Monday, 21 August 2017

The extraordinary generosity of our mayor, Sadiq Kahn

The brazen juxtaposition of "I've" and "your" makes it sound... if Kahn has been the generous donor, and it's now up to the rest of us mean blighters to follow his lead, when the truth is that all of the money the Mayor has pledged is ours in the first place: he won't have contributed a penny of his own. What about "I've pledged £400,000 of your money to support projects of which you may very well not approve - and I'm taking all the credit, sucker!"

Obviously, I've no idea which particular pot of gold the Mayor dipped into for these funds - London ratepayers, income tax-payers, the EU - and I can't be bothered to find out. The answer is "the private sector", because that's where all the money ultimately comes from - although you wouldn't know it if you listened to politicians, academics, public sector employees, the BBC, or anyone who studied PPE at Oxford. I foolishly imagined that one of Margaret Thatcher's enduing legacies would be to ensure that, when politicians enthusiastically power-hosed money at voters, we'd all understand that it was voters' money gushing from the end of that hose. But no such luck: 26 years after she was forced out of office, we're pretty much back where we started, with politicians once more routinely presenting themselves as multibillionaire philanthropists "putting something back". As the great Thomas Sowell put it:
"First you take people's money away quietly, and then you give some of it back to them flamboyantly."
Some of the schemes on the Mayor's list seem perfectly reasonable, but I'm not sure I fully approve of my taxes or rates being spent on the following items:

Croydon's Anthem for Peace: A peace-themed musical score and a large scale community performance in Croydon.

An Oak Sculpture Trail for Furzedown! (Wandsworth): Create sculptures from a felled local tree, forming a trail.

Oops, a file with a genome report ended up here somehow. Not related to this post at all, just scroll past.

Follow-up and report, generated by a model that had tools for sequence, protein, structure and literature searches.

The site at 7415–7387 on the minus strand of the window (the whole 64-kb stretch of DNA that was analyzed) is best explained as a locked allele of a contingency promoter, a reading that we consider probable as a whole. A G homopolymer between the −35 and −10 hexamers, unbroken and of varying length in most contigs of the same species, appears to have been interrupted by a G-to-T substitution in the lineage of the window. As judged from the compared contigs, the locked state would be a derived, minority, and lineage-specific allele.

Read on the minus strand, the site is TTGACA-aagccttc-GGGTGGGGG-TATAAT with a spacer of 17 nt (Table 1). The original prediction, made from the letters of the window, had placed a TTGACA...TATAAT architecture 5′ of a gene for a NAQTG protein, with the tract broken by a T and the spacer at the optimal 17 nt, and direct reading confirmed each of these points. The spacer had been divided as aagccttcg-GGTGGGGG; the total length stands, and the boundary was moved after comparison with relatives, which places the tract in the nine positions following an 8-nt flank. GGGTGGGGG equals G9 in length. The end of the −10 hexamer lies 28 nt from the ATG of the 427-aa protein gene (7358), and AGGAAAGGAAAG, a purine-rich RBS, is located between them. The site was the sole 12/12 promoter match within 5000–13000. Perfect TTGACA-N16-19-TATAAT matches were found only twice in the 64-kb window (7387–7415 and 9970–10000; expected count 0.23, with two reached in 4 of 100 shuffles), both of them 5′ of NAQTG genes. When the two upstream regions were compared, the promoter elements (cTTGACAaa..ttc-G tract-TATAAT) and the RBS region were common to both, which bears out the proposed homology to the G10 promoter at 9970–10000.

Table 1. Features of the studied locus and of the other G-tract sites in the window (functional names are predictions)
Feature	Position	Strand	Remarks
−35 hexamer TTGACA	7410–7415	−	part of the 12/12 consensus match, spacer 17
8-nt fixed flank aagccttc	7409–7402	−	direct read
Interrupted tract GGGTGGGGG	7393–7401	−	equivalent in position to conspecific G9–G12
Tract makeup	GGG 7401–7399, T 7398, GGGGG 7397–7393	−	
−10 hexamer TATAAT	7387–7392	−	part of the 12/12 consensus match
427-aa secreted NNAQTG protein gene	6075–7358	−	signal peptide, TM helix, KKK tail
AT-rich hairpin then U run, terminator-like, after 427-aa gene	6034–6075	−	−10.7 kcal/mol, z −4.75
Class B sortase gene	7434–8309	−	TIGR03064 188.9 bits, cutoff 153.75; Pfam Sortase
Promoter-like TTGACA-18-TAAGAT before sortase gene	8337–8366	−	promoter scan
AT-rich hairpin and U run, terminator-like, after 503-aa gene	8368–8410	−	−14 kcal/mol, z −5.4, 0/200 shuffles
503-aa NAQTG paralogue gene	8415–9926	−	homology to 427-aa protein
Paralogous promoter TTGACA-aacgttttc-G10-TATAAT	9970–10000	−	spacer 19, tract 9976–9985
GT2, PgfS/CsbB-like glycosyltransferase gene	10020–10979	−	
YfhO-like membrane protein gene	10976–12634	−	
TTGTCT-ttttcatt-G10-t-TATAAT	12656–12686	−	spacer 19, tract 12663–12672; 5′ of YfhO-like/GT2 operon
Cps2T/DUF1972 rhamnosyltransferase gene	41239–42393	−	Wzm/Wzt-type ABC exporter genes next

GLOW: Barking and Dagenham Light Festival:  Local people in Barking and Dagenham will create a light festival, providing learning and employment opportunities.

I'm all for local initiatives and charitable giving - and crowdfunding strikes me as a particularly good idea - and I accept that, for practical reasons, the government/local council can't seek the direct approval of each and every taxpayer/ratepayer for every penny it spends - but I strongly object to politicians taking credit for their generosity when they're being generous with other people's money.


  1. "but I strongly object to politicians taking credit for their generosity when they're being generous with other people's money."

    That is to say you strongly object to the entire edifice of modern leftist politics in the West, which does little else than preen itself on how wonderfully virtuous it is for spending your money on things you wouldn't want if given any opportunity not to buy them.

    Anyone who measures their own virtue by the amount of other people's money they are willing to spend, is on the high-road to moral and financial bankruptcy - hence the present predicament of most western economies.

  2. Mr Unknown is obviously guilty of racism by ignoring that growing segment of London's population who feel very passionately that the tax - paying quasi - serfs who provide "Free Stuff" are not providing nearly enough "Free Stuff."

  3. I agree totally, utterly, completely and absolutely with you both. If I go next door and demand money with menaces from my neighbour, and then take his money and hand it to the first beggar I meet, I fail to understand how this makes me a compassionate humanitarian, rather than a CAUC. As for the whole "free stuff" delusion, I'm convinced people would feel quite differently about politicians piddling their money away if, instead of tax being automatically removed before we're paid, we had to sit down every month, work out how much of our money the government is demanding we hand over, and then have to write out a cheque or arrange an online payment to the Chancellor of the Exchequer of the day. It was becoming self-employed in the late '70s that made me think "Hang on - that's money you're spending! And I really don't like what you're spending it on!" I can't find an analysis of who the self-employed voted for in June, but I did find a 17th March Telegraph article which began "The Conservatives' majority could be decimated in the next General Election if faced with a backlash from self-employed voters." Which is no doubt why the Tories decided that a manifesto pledge to stab the self-employed in the back would be a real vote-winner!